E-Learning Automotive SPICE® V3.1
E-Learning Automotive SPICE® – an Overview
- Reasons for the introduction of Automotive SPICE®
- Relation to other standards
- How does Automotive Spice® work?
- Example: MAN.3 project management
E-Learning Automotive SPICE® – System Engineering Processes – Development
- SYS.1: Requirements Elicitation
- SYS.2: System Requirements Analysis
- SYS.3: System Architectural Design
E-Learning Automotive SPICE® – System Engineering Processes – Integration and Test
- SYS.4: System Integration and Integration Test
- SYS.5: System Qualification Test
E-Learning Automotive SPICE® – Software Engineering Processes – Development
- SWE.1: Software Requirements Analysis
- SWE.2: Software Architectural Design
- SWE.3: Software Detailed Design and Unit Construction
E-Learning Automotive SPICE® – Software Engineering Processes – Integration and Test
- SWE.4: Software Unit Verification
- SWE.5: Software Integration and Integration Test
- SWE.6: Software Qualification Test
E-Learning Automotive SPICE® – Project Management
- MAN.3: Project Management
What Is ASPICE?
The name Automotive SPICE®, or short ASPICE, stands for “Automotive Software Process Improvement and Capability Determination”. It is a standard in the automotive industry. ASPICE is based on the current version of the ISO/IEC 330xx series and has defined its own Process Reference Model (PRM) and Process Assessment Model (PAM). The model includes processes for analyzing, evaluating, and improving system developments.
ASPICE makes a distinction between two levels: the process dimension and the maturity dimension. The maturity dimension defines – according to the ISO/IEC 330xx series – six process capability levels. These so-called capability levels cover levels from 0 to 5. In the process dimension with the current version 3.1, a total of 32 processes from all relevant areas are described. They cover the complete development process. In the VDA Scope, the German Association of the Automotive Industry (VDA) also determines highly important processes.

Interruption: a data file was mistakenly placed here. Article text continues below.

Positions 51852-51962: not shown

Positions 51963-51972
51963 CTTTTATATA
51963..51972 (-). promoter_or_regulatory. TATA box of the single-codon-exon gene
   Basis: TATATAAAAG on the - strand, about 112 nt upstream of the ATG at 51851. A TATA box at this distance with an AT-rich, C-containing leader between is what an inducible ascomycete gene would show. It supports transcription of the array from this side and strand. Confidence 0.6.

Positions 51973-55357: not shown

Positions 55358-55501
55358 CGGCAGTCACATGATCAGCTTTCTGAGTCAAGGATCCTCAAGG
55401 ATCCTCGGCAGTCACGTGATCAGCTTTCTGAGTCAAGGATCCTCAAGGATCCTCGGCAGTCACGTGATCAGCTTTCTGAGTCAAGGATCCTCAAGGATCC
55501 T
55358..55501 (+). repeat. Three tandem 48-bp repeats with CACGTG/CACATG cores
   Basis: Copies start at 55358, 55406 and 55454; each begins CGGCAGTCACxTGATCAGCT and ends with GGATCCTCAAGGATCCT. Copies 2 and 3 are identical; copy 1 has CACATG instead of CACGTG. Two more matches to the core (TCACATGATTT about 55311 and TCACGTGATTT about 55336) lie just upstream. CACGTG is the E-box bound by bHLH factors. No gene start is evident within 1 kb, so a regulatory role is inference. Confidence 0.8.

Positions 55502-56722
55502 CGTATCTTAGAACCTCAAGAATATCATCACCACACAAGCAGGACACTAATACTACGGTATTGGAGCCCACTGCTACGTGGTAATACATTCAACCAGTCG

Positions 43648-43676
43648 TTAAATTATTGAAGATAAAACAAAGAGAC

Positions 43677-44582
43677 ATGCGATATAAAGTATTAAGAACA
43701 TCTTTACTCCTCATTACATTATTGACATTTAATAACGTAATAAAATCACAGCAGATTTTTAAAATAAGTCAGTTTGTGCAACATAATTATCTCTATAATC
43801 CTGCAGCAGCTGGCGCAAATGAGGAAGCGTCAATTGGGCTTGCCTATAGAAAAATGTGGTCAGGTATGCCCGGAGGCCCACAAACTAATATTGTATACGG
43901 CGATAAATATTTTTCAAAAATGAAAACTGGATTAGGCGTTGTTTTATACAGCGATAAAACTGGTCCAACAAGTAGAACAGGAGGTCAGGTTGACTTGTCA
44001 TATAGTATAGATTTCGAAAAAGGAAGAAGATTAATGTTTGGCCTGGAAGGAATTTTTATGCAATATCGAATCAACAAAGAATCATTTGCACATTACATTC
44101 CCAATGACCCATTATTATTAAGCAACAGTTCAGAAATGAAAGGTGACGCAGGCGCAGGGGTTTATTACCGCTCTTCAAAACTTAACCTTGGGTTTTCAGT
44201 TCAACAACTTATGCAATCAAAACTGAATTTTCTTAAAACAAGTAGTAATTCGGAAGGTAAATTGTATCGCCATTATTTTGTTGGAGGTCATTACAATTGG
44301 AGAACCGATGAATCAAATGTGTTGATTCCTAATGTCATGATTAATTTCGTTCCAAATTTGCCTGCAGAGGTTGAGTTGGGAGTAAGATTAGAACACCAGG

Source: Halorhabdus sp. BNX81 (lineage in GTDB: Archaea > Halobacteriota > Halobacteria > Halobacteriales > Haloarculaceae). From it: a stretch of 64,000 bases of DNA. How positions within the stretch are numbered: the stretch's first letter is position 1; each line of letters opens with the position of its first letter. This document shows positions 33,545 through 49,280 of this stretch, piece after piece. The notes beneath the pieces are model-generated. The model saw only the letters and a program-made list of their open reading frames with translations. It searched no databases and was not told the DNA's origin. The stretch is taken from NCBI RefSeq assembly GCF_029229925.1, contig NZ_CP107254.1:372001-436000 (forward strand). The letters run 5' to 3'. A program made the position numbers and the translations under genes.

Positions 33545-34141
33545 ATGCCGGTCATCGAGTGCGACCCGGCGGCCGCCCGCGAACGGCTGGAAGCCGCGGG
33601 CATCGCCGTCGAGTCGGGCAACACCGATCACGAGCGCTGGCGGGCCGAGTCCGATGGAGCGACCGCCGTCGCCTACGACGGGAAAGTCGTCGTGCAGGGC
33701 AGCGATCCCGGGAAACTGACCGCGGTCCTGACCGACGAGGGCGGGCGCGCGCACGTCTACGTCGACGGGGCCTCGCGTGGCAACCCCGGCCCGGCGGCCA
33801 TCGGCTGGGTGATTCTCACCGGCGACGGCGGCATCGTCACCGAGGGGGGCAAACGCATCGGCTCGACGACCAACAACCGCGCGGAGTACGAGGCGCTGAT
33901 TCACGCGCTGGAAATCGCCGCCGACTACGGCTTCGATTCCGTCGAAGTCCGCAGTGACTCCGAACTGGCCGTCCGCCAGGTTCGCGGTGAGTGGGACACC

Why Is ASPICE Needed?
ASPICE allows structured and therefore effective work. It creates traceability in the development process and has become established as a standard. This standard is required by customers when assigning projects and is also specifically controlled during the ongoing process. This means that certification according to ASPICE is currently more or less mandatory in the automotive industry. To achieve this, companies must provide evidence of work products and have their processes authorized by auditors.
In this context, security is a highly relevant topic. In the automotive sector, IT security plays an increasingly important role. Also the product liability for security-related topics has gained in significance. ASPICE is very practical here and guarantees quality assurance. Those who develop according to ASPICE automatically fulfill numerous requirements for the IATF 16949 standard, ISO 9001, and ISO 26262.
How Is ASPICE Related to Embedded Systems?
ASPICE describes the development process of embedded systems in the automotive environment.
What Can You Learn About ASPICE in the Embedded Academy E-Learning?
The course on ASPICE is divided into several e-learning units. Each of them explains three processes. The first e-learning provides an overview on the contents of the process model. Further e-learnings describe individual specific topics, such as system engineering, requirements and design, or software development and testing.
After this e-learning, engineers understand what ASPICE is. For this, not all learning units of the course have to be completed. It is intentionally designed in such a way that users can specifically select the aspects they are interested in. Whenever different topics belong together, the e-learnings will highlight this connection. This is particularly helpful for practical application work when processes and relationships need to be understood.